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Providing perspectives on recent research into vitamins and nutritionals


Summer Heat, Winter Freezes and Vitamin D

By Michael McBurney

Heat can be a killer. In the US, more than 1,250 and  700 deaths were attributed to heat waves in 1980 and 1995. High temperatures baked Europe in June. Excessive heat, and cold, also keeps people indoors. Without direct exposure to sunlight, vitamin D cannot be synthesized by our skin and the prevalence of vitamin D deficiency can increase.

In the absence of sunlight, the only solution to maintain serum 25(OH)D concentrations is to consume foods containing vitamin D. The primary food sources of vitamin D are animal foods.  Schmid and Walther review the vitamin D3 (cholecalciferol) content of animal foods. It isn’t great news. The highest vitamin D concentrations are found in fish liver. Offal is also a concentrated source of vitamin D. Unfortunately, not many people eat these options. Milk is a good source of vitamin D only if fortified. But at 120-125 IU per cup, it takes 4.8 to 6.4 cups of milk to meet recommended intakes for vitamin D (depending upon age). Fluid milk consumption is decreasing which makes us more dependent upon other animal food sources or dietary supplements.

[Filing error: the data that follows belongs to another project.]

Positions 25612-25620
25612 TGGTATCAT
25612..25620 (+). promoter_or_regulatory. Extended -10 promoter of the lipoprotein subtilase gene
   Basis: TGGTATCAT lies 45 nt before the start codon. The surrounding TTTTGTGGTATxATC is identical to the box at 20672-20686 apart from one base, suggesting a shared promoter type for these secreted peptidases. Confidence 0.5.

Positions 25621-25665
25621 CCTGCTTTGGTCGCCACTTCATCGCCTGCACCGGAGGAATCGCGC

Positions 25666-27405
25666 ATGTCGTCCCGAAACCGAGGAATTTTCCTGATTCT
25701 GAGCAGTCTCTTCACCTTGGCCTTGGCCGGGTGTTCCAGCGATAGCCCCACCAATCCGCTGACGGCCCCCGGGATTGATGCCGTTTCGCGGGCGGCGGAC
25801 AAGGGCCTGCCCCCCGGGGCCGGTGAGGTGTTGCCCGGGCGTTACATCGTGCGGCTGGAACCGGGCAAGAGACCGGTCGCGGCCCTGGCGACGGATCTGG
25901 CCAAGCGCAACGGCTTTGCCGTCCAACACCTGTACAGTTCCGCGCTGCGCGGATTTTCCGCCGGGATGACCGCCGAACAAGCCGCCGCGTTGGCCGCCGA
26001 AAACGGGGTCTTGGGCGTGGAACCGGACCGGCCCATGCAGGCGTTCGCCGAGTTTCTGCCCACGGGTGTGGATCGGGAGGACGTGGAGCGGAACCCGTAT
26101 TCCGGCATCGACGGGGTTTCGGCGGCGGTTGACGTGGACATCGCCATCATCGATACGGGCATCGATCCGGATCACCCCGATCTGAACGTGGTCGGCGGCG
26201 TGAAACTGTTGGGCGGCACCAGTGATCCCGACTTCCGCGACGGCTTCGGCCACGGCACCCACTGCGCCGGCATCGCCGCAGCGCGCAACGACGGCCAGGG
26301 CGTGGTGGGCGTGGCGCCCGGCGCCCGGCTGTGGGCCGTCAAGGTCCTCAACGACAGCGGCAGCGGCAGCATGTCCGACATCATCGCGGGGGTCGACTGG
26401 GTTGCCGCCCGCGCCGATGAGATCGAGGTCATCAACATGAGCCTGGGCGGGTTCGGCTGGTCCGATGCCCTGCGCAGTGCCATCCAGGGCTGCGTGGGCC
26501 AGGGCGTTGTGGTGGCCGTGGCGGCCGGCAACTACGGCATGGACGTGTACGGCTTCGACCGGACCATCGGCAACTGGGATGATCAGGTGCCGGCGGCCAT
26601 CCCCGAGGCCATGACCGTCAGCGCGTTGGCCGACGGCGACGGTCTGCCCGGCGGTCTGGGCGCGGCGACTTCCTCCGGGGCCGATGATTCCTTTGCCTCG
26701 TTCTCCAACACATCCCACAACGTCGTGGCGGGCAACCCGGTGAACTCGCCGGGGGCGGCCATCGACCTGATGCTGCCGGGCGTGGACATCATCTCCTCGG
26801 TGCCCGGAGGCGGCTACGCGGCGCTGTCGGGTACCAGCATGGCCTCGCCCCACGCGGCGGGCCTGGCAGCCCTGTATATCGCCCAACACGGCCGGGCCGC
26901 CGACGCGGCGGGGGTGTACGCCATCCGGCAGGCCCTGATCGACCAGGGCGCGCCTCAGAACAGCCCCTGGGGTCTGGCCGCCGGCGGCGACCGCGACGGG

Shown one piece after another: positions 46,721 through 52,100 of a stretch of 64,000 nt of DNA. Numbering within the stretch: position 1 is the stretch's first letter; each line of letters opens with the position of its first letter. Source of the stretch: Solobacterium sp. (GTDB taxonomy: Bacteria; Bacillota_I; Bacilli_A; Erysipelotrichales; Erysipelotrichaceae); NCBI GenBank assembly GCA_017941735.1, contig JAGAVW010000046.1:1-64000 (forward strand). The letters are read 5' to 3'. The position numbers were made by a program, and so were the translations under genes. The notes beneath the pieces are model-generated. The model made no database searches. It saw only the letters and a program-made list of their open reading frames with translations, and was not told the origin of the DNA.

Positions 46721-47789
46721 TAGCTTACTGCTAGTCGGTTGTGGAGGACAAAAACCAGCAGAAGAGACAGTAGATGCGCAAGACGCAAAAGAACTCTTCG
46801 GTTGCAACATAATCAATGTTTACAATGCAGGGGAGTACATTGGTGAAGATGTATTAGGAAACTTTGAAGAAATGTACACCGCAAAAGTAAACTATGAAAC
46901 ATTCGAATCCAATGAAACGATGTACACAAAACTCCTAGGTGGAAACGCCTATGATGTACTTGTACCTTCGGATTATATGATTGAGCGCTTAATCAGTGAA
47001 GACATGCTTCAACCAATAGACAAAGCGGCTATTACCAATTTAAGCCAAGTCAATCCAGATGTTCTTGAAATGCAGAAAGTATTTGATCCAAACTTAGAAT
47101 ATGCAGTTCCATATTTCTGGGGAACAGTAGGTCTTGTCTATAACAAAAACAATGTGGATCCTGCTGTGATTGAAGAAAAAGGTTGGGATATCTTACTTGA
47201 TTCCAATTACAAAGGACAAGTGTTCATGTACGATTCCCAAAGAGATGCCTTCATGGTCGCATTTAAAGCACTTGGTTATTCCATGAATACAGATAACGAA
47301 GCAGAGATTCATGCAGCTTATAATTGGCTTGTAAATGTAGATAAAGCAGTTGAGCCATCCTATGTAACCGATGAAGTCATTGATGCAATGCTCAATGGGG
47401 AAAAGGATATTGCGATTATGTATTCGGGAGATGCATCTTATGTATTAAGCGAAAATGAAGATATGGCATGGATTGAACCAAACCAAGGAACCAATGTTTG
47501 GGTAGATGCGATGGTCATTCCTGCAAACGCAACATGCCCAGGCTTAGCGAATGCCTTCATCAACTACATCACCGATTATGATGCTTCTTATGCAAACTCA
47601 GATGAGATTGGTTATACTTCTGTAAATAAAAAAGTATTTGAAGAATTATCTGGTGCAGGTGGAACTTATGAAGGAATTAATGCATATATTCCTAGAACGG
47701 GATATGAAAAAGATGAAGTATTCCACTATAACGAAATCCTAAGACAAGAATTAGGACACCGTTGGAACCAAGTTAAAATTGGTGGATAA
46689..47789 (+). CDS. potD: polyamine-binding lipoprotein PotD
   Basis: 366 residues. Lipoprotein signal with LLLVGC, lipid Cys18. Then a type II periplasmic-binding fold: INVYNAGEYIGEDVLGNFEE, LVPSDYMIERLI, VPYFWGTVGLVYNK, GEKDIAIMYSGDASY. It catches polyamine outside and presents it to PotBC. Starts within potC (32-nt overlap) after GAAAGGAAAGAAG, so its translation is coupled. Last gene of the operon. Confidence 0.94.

Vitamin D deficiency is prevalent globally, as can be seen by the International Osteoporosis Foundation interactive map. Green indicates an optimal/desirable vitamin D status (>75 nmol/l), yellow is suboptimal (50-74 nmol/L), orange indicates insufficient (25-49 nmol/L) and red indicates severe vitamin D deficiency (<25 nmol/L).

Don’t be a vitamin D statistic. Have your serum 25(OH)D3 status evaluated, choose animal sources of vitamin D and supplement as needed. -mm-


Schmid A, Walther B. Natural vitamin D content in animal food products. 2013 Adv Nutrdoi:10.3945/an.113.003780